Date of Award


Document Type

Union College Only

Degree Name

Bachelor of Science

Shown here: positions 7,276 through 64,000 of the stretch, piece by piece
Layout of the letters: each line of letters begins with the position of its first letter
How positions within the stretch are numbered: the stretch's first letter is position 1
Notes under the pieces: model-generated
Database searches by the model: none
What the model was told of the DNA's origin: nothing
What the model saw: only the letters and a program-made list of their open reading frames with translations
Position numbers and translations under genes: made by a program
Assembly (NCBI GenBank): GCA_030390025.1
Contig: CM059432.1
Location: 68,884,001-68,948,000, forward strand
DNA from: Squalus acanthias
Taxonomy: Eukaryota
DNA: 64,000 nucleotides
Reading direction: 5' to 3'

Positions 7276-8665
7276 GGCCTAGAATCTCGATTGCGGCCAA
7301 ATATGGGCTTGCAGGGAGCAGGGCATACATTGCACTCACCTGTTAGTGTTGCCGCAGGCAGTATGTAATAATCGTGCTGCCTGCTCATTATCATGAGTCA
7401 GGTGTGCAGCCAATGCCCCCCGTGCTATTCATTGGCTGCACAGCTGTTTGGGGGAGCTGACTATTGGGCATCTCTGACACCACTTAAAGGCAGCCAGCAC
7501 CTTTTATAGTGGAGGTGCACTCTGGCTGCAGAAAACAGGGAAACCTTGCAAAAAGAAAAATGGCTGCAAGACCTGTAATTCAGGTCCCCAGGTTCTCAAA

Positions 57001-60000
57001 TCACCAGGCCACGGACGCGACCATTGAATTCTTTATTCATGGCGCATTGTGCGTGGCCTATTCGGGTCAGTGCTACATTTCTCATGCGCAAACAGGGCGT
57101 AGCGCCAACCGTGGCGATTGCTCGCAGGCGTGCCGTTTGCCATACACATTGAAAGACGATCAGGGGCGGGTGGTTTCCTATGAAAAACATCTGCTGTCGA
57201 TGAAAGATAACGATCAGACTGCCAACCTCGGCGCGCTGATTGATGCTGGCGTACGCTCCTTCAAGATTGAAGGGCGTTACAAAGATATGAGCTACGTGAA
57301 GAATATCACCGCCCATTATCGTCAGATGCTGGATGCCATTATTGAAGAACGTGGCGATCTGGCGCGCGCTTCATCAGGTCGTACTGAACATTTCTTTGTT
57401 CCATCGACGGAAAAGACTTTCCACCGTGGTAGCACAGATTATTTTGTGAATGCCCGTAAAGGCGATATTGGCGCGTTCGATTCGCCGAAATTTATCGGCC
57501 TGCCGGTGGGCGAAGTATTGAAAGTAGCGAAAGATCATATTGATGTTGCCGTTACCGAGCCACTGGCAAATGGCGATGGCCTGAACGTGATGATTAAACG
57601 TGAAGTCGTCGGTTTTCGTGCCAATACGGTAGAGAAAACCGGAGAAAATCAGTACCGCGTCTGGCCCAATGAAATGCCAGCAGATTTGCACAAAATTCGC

During the course of extensive investigations of the properties and behavior of silicic acid gels, the study of the conductivity of these substances was begun in the hope that data could be assembled to throw some light on the mechanism of gelation. The experiments to be described are a continuation of the work on conductivity carried out at Union College under the direction of Dr. C. B. Hurd. H. Swanker (1), in 1932, making use of a Wheatstone bridge at 1000 cycles, failed to find any change in conductivity, but R. W. Gurry (2), using refined methods, was able to detect small changes as the gels set. Subsequently the technique of measurement was further improved by R. Slobod (3) in 1935, and R. E. Russel (4) in 1936. Slobod's curves showed a definite increase in conductivity, but his own experiments and those of Russell made those results appear doubtful. Russell, continuing the work of Slobod on the equilibrium phenomena arising, studied the treatment of the electrodes.